GALLERY: Looking Back On Our Favorites From Rétromobile 2018
Photography by Federico Bajetti
If you’re looking for a short respite from the workweek during the doldrums of February, Europe is always a good destination: Alpine skiing is hard to match, and a medieval city blanketed with snow is about as fairy tale as reality will allow, and though there are plenty of wintry weeks to indulge in for some time off, last week saw the return of Rétromobile to Paris.
For 43 years now, the Parc des Expositions de la Porte de Versailles has drawn thousands of enthusiasts from around the world to what many consider to be the first major classic car event of the calendar year. 650 exhibitors filled three halls for the 2018 edition, and all the major names you can think of were assembled together for the multi-day affair, and the selection was, as it always is here, mind blowing. Lukas Hüni for example brought no less than ten Ferrari 250s to Paris, including the unique dark blue GT Berlinetta Speciale, designed in 1962 by a young Georgette Giugiaro for Bertone. Other standouts for me were Fiskens’ Maserati 250F, JD Classics’ TWR Jaguar XJ220, and Girardo & Co. with their Alfa Romeo 33/2 “Daytona” and a Lancia Delta S4 to boot.
For the lucky few who were looking at the selection with intentions to purchase, they were not spoilt for choice, with just about every major decade of automotive importance represented here, and a mixture between road and race cars that all add up to this most ultimate of roll-calls. In addition were some more democratically-priced collector’s items ranging from literature, artwork, spare parts, clothes, models—the typical but always-fun-to-browse assortment of accessories.
Back to the cars. Richard Mille had the 1995 Le Mans-winning McLaren F1 GTR on display, I struggled to decide whether to point my camera at the Ferrari 512 BB LM or the Group 4 BMW M1 next to it, and was captivated by the spread of Alpines that were brought out to celebrate the marque’s 40th anniversary of winning Le Mans in the A442B. While Rétromobile is primarily a dealer/consigner/broker/auction house exhibition, there has been a steady increase in manufacturer interest in the show, which makes sense given its popularity and prominence. Renault was also there to show off, this time for its 120th birthday, and countrymen from Citroën and Peugeot were also present. On the British side, Jaguar revealed its continuation D-Type which was consistently crowded each time I passed by the pristine grey jelly bean.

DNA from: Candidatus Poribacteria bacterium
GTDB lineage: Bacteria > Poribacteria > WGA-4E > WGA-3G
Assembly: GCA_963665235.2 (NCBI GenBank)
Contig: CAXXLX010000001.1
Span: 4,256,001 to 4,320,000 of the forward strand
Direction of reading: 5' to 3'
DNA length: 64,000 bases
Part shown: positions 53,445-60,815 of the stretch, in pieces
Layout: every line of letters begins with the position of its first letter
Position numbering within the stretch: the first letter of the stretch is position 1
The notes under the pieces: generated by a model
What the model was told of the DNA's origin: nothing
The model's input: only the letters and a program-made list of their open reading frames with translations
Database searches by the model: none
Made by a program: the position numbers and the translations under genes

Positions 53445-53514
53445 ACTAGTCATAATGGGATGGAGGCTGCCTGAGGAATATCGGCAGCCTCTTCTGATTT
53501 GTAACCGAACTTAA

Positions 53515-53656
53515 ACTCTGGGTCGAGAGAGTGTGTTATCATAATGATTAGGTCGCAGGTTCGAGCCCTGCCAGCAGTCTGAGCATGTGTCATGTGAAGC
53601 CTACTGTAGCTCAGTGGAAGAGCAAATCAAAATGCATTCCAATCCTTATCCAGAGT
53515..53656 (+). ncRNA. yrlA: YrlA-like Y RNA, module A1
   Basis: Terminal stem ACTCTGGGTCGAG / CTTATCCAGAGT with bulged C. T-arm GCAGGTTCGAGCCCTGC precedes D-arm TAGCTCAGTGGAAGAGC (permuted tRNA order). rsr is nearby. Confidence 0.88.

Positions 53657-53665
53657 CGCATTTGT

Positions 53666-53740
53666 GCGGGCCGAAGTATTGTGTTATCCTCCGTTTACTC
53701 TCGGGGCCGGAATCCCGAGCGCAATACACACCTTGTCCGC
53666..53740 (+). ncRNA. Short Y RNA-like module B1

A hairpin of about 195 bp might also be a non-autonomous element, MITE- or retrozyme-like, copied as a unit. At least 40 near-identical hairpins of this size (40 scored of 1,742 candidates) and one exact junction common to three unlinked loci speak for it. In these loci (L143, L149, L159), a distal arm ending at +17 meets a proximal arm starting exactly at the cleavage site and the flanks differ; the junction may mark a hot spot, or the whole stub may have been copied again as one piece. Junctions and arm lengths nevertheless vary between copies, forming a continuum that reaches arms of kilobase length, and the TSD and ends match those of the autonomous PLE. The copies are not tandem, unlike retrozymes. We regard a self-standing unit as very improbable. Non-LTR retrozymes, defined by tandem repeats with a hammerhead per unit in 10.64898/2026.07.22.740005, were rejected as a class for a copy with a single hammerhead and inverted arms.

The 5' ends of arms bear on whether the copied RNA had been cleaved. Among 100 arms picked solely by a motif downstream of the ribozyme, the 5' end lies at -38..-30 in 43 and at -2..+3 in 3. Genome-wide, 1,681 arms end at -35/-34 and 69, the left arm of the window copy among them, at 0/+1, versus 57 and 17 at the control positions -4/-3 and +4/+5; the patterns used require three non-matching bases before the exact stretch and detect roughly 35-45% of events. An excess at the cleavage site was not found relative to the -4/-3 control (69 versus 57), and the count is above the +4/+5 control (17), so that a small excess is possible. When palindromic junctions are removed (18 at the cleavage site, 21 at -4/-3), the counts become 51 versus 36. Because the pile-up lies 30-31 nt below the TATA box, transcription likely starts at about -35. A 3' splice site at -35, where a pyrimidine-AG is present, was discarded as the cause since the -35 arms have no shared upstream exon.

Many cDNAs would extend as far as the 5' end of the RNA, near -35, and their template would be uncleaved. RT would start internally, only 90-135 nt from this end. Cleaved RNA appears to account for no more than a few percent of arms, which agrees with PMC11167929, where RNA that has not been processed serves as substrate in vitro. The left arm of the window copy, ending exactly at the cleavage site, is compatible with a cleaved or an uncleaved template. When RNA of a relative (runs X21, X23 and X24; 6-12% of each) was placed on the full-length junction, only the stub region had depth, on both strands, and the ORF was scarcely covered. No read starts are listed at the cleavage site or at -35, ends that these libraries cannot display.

As you may have read, FCA Heritage has thrown its hat into the factory-backed classic parts and restoration ring, and they were there with a slew of vintage goodies like an Alfa SZ and Spider, a Lancia Fulvia Coupé Monte-Carlo, as well as a Lancia Appia Coupé among the newer metal from Alfa.
For the 110th Birthday of Carlo Abarth, 20 mythical models from the Möll collection were shown on the top floor of the Pavillion, and on the flip side, the organizers this year also decided to devote an entire hall to affordable classics for sale, all under the price point of 25,000€. No space in the garage for these either? Well the “Gallery des Artistes” was offering plenty of painting, sculptures, drawings, and professional photographs, though at times the pieces eclipsed the values of a few of the cars! Whether you were after a nice pair of driving gloves or a Kremer Porsche 935, Rétromobile was the place to find it.